I'll admit to being a bit
surprised when I first heard that Australian electronics company A.W.A.
(Amalgamated Wireless Australasia) used to manufacture "carillons".
I'd toured the AWA factory back in the 1960's and I don't remember
seeing any bells! A.W.A made radios and later TVs. What would they know about
This ad gives us the
Aha! "Amplified Chime
Carillons". But what are they? Fortunately, a search of the
National Library's Trove database yields us some more information....
A Description Of The Carillon
(taken from the Singleton Argus, Friday 31 October,
The A.W.A. electronic tubular bell
carillon is an instrument entirely new in design and in
itself a complete reproducing unit for the change music
so dear to the hearts of all English from the music
written for the people of the low countries of Europe
and others of ancient law.
The instrument is independent of any type of recording,
as is so often used as an inferior substitute for this
type of music.
The carillon was developed to its present high standard
in the laboratories of A.W.A. by its own technicians and
engineers to break the long silence of so many of our
A complete set of bells with the same musical range
would be practically unprocurable to-day, and in many
instances prohibitive, because of the high cost
originally and in the cost of installation, even if a
belfry or tower of suitable mechanical strength was
available to house them.
The instrument also, like others of its type, does not
interfere in any way with the existing organ and allows
players to fully express themselves as to their
interpretation of music by light and shade, because soft
and light striking of the keys has been made possible.
Softer reproduction than by the bell types has been made
Sounds are sent out by high powered amplifiers.
SCOPE PRACTICALLY UNLIMITED
Half notes are included in the range of one and a half
octaves (C to F') which enable practically any piece of
music to be faithfully reproduced. This factor is one of
the utmost importance.
Scope of tunes which can be played on the carillon is
When an electric carillon recital was given a short time
ago in Sydney by Mr. Philip G. Woods, organist at St.
Anne's Church, Ryde, he played the following items:
English Change Bells (Grandsire Peal in Eight Bells;
Steadman's Plain Course).
Jesu, Joy of Man's Desiring (Bach).
Silent-Night, Ring Out, O Bells, Rule Britannia,
John Peel, Ashgrove, White Wings, Land of Hope and
Killarney, When Irish Eyes are Smiling, The Minstrel
Boy, Believe Me If All Those Endearing Young Charms.
Blue Bells of Scotland, The Bonnie Banks of Loch Ye
Banks and Braes.
Silent Worship (Handel), Beautiful Isle of
Somewhere, Carillon, Austrian Duke Street, Auld Lang
Syne and the National Anthem.
The solid maple console protects the bells and damage is
impossible. This was designed and build by Mr. Noad, who
needs no introduction to the organ enthusiasts of this
Simplicity of the console has made the installation
problem a simple one.
No musical knowledge is essential in the
playing of the carillon, and it has been played on
several occasions by young people who could not play a
piano or organ.
Any person who can pick out a tune with one finger can
successfully play the A.W.A. carillon.
How very different this is to the old methods and hours
of strenuous practice needed to take even a small part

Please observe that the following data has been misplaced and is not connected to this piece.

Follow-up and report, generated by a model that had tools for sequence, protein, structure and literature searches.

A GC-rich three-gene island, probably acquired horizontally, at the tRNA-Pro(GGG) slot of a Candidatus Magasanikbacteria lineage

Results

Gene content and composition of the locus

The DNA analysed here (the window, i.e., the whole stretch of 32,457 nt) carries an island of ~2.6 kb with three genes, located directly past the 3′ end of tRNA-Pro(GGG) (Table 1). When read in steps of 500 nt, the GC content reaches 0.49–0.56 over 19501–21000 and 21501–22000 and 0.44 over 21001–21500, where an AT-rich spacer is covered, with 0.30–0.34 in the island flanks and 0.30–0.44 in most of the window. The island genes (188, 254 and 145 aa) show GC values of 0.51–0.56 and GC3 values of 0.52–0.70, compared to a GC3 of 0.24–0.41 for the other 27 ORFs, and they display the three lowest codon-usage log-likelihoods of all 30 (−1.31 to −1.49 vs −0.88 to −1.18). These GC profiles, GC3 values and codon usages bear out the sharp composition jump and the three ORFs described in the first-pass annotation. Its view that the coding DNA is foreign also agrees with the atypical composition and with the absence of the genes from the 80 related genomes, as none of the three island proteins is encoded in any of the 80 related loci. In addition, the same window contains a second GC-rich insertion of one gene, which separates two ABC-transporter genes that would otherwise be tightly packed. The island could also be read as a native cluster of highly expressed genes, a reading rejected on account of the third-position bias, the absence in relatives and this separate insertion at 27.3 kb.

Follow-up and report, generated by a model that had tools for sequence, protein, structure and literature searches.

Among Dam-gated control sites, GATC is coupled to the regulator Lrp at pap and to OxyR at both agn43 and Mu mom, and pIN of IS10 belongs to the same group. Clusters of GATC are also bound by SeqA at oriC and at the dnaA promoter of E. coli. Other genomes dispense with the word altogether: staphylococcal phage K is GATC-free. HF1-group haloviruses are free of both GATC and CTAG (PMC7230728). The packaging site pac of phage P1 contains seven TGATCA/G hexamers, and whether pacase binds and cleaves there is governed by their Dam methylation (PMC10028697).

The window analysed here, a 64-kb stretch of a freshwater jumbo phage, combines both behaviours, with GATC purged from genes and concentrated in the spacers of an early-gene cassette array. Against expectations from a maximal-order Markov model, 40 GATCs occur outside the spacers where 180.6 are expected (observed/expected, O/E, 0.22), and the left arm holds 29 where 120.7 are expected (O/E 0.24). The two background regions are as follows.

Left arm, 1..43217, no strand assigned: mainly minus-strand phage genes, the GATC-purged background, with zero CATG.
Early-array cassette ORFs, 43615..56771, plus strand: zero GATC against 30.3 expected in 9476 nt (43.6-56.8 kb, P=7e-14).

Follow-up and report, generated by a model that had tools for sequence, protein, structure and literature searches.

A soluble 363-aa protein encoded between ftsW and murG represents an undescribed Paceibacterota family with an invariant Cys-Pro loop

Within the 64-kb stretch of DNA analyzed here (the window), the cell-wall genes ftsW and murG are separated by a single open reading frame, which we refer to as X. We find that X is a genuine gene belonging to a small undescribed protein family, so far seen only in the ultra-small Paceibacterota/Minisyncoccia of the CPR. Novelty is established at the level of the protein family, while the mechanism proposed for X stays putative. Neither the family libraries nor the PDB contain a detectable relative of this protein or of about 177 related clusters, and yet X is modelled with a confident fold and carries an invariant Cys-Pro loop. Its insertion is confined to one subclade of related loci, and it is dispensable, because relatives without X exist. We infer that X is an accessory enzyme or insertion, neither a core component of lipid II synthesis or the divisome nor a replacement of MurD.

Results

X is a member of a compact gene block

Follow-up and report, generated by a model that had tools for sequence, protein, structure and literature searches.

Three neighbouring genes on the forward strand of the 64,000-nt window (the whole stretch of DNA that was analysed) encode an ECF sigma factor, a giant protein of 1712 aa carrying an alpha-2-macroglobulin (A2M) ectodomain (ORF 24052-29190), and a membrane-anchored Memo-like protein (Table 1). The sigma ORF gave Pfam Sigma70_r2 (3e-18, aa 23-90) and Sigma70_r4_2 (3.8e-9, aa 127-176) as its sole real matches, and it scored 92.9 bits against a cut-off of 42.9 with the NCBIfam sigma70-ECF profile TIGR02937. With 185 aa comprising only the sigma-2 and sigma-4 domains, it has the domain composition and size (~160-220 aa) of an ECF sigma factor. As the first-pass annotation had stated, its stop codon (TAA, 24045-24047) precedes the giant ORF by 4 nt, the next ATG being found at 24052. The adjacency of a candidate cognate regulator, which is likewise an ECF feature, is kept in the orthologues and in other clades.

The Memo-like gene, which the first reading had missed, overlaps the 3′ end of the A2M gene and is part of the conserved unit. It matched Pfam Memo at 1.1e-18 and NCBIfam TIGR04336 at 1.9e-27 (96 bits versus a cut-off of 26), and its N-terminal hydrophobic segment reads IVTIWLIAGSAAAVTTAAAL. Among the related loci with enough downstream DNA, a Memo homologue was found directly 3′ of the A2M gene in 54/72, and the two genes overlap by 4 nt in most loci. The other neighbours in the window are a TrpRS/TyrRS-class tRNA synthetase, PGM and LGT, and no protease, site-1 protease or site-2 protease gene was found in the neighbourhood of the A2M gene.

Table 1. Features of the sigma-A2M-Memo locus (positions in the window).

in bell-ringing by professional methods!
On sharply depressing a key, which takes little more
effort than a piano, a simply-balanced hammer carries
forward and strikes a tubular bell, and loudness is
dependant entirely on the force expended in depressing
the key. The hammer then recedes, leaving the bell free
to ring in its true tone.
When the key is allowed to rise, a soft felt damper is
automatically applied to a scientifically predetermined
part on the bell to eliminate the sustained ringing that
has so often been raised as an objection in this type or
even with a fully rung carillon, or even a ring of
Thus, clear, true ringing is produced through
high-powered amplifiers, which can be controlled
according to the topography of the surrounding district.
The supervisor of installation IS A SINGLETON NATIVE
The man who was in charge of the installation of the
carillon is a native of Singleton, so that the advent of
such a church innovation has more than ordinary
That man is Mr. Lan Clark-Duff, of Roseyille, a member
of the technical staff of A.W.A.
He was born at Singleton, where his father, the Rev.
Victor Clark-Duff was Presbyterian Minister for a number
Mr. Lan Clark-Duff left Singleton about 1920 or 1921 and
he obtained a position with A.W.A. some 11 years ago,
this leading to his present responsibilities.
A peek inside...
This rear-view image comes to us from the Powerhouse
Museum site. The instrument, now part of the MAAS
collection, was formerly installed at St Matthews
Anglican Church in Manly.
What can we see? (This is largely
conjecture; hopefully we will be able to find
out more as time progresses.)
- the inside of the timber cabinet, lined
with a rough underfelt padding tacked in.
Keeping in mind that a microphone will be
enclosed in the cabinet to pick up the
sounds of the tubular bells, the padding is
probably aimed at reducing the cabinet
resonances. Given the padding is
pretty thin, only upper partials will be
much reduced. It's possible that this
is intentional, perhaps offering some extra
low sonority to the otherwise fairly short
- a simple frame to hold the bells, in the
form of the metal tubes running up each side
and across the top, with several wooden
laths running horizontally.
- the tubular bells themselves, of which
there appear to be 18 in this instrument,
giving the range C to F. The rods are